Eddie The Goose.
If it stands to reason that every outlandish human pursuit must eventually be committed to film, it’s kind of surprising that Olympic ski jumping has not had its moment in the celluloid sun before now. There’s something inherently cinematic about a skier launching himself aloft from a curved ramp, leaving his body as gravity’s plaything if he cannot stick the perfect landing after an unfathomably frightening amount of time in the air. In short, it’s a sport so dangerous that you have to kind of be clinically insane to do it. If there’s any movie to be made about this, might as well go the feel-good route and tell the story of British Olympian Eddie Edwards, who qualified for the 1988 Calgary Olympics despite only a year’s experience in the sport, and charmed the pants off the viewing public with his childlike antics and goofy shtick. He was nicknamed “the Eagle” in the process.
If only the movie about him weren’t as goofy as its main character. Eddie the Eagle is a cornball piece of popular entertainment, using a fanatical enslavement to formula to cheer on an underdog and leave the audience more satisfied for the experience. But can character types this lazy, montages this insipid, and a narrative this schematically cynical ever please any but the most forgiving viewers? Eddie the Eagle has eagerness to please in spades, but actual pleasing qualities in short supply.
As much as the script is to blame for much of this, a huge chunk of the responsibility lies at the feet of British actor Taron Egerton in the title role. In going from Eggsy in Kingsman: The Secret Service to Eddie in Eddie the Eagle, Egerton has transformed from a bone-crunching tough guy to a guy whose bones just get crunched. And he’s made himself over as a complete spaz. He’s got droopy glasses that seem always to be falling off his face. He’s biting his lip whenever he isn’t contorting his mouth into the kind of determined frown usually seen only on stick figure drawings, and the lip-biting expression gives the sense that he’s always pushing out a stubborn bowel movement that’s coming out sideways. Even his tics have tics.
Egerton’s Eddie is an outsized creation that couldn’t exist in any recognisable version of reality, except that it appears he did – the pictures of the real Eddie Edwards that inevitably adorn the closing credits seem to suggest he was this much of a spaz and more. Egerton stylises him in the same manner of bigness that someone like Napoleon Dynamite might be stylised, but that kind of thing only works with equivalently oddball material. As the star of something terminally mainstream, Eddie just seems too precious by half. He’s like a newborn chick peering out of his freshly broken shell, recklessly optimistic about what the world has in store, with no real notion of the ways it might crush him. What’s worse is that the accompanying synth score has that same saccharine, post-embryonic pluck.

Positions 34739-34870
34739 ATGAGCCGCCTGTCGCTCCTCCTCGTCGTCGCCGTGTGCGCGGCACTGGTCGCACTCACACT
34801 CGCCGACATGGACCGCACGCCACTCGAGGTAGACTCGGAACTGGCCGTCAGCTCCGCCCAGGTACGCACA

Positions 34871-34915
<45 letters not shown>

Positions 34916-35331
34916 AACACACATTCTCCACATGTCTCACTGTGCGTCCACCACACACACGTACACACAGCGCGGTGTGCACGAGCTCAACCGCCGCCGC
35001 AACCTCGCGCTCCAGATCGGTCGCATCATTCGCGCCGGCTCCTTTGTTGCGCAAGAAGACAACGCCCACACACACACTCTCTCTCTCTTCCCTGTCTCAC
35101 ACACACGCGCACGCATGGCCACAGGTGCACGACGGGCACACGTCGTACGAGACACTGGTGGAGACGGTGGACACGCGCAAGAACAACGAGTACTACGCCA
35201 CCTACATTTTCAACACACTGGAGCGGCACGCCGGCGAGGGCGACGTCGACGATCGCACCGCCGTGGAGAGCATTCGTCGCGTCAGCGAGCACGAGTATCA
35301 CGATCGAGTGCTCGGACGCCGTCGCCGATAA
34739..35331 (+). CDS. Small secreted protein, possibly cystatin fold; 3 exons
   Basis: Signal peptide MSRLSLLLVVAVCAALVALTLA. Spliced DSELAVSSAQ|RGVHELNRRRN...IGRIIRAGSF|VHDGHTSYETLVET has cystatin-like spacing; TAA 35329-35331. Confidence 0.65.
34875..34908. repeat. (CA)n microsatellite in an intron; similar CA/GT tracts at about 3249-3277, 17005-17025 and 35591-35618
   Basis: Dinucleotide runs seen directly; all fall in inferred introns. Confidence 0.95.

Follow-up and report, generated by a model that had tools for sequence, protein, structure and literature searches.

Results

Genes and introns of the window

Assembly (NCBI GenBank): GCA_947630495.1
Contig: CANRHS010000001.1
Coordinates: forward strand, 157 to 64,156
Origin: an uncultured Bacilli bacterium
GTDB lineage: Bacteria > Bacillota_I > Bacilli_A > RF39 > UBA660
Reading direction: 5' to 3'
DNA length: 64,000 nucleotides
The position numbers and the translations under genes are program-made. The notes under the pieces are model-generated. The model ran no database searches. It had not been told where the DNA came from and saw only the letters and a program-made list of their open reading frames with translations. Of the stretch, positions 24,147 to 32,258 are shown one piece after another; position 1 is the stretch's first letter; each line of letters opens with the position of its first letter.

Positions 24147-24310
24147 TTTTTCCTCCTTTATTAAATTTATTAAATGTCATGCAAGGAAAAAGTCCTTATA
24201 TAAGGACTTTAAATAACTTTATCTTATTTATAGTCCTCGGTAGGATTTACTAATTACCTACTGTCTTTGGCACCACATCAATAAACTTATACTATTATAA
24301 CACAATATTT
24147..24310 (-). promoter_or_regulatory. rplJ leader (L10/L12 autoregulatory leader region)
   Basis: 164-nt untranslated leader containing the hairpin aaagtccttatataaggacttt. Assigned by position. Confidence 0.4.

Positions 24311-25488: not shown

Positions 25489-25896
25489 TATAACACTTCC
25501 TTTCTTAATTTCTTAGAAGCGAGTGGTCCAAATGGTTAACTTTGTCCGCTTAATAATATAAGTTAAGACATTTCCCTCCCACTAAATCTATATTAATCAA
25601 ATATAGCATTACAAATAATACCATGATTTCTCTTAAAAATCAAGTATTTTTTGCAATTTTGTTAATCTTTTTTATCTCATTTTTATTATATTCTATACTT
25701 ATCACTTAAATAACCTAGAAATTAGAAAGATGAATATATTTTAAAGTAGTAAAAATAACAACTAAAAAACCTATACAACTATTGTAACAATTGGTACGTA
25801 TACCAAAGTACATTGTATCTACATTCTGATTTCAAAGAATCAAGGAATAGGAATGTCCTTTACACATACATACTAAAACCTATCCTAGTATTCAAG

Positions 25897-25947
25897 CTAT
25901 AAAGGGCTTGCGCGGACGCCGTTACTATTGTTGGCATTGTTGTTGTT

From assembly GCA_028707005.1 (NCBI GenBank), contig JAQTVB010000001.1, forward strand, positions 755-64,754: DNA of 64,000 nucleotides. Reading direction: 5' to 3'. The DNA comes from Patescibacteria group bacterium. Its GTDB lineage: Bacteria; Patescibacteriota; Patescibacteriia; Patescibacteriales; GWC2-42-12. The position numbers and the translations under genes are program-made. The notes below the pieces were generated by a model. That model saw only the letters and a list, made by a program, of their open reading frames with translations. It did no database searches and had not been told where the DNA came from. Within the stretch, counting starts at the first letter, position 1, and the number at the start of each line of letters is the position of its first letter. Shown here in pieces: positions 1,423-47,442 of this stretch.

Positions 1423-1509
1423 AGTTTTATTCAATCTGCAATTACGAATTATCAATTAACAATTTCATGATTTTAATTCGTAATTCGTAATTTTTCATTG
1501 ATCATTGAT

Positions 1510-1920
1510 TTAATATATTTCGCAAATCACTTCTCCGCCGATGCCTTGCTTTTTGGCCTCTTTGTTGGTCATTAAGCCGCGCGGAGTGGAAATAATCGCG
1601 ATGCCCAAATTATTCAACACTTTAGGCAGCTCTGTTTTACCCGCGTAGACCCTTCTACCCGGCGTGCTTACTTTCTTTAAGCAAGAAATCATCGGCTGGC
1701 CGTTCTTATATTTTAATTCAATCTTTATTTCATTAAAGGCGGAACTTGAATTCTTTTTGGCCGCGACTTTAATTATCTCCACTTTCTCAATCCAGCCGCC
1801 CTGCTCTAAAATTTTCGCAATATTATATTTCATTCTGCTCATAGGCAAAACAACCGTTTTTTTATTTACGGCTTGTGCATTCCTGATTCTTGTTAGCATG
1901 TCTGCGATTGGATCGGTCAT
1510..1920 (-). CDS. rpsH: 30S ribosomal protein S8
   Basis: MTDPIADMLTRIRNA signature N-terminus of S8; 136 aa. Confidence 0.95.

Lazy character types? How about the dad who doesn’t believe in his son, scoffing at his potential to achieve anything even at the late date of his son actually appearing on the living room telly, ready to make an Olympic jump that the father may or may not deign to watch? How about the mother who is the polar opposite to this man, offering every last platitude she can borrow from a greeting card while being willing to stake the family’s entire savings on Eddie’s unlikely and financially unrewarding dream? How about the British Olympic official so snarky about Eddie’s qualifications and general makeup that he seems to be actually rooting against the positive publicity generated by his athlete? How about the fellow British Olympian who hazes him into missing the opening ceremonies, apparently purely for sport?
The only actor who breathes anything unusual – unusual and successful, we should say – into his performance is Hugh Jackman as the washed-up American jumper who is now an alcoholic and driving the plough that grooms the slopes. Naturally, he’s going to be conscripted into helping train Eddie (cue insipid montage). Jackman actually seems to be having fun with this thankless role, as the Aussie plays a man so American that he’s got an American flag painted on the side of his flask. It’s more likely that Jackman’s massive reserves of natural charisma are just compensating for yet another clichéd piece of writing. Still, he does have one pretty fun scene where he straps on the skies and completes an improbably long and dangerous jump while smoking a cigarette and swigging from a bottle of whiskey. Even within a generally successful scene, though, the movie’s technical weaknesses are underscored, as Jackman’s digital insertion onto the ski jump is downright distracting. Not as distracting, I suppose, as the several spectacular wipeouts that were clearly created on a computer screen with CG skiers whose ragdoll bodies jerk around unnaturally as they tumble down the mountain. Eddie the Eagle is one long, slow wipeout that unfolds over the course of 105 minutes, with ever-great wincing on the part of spectators.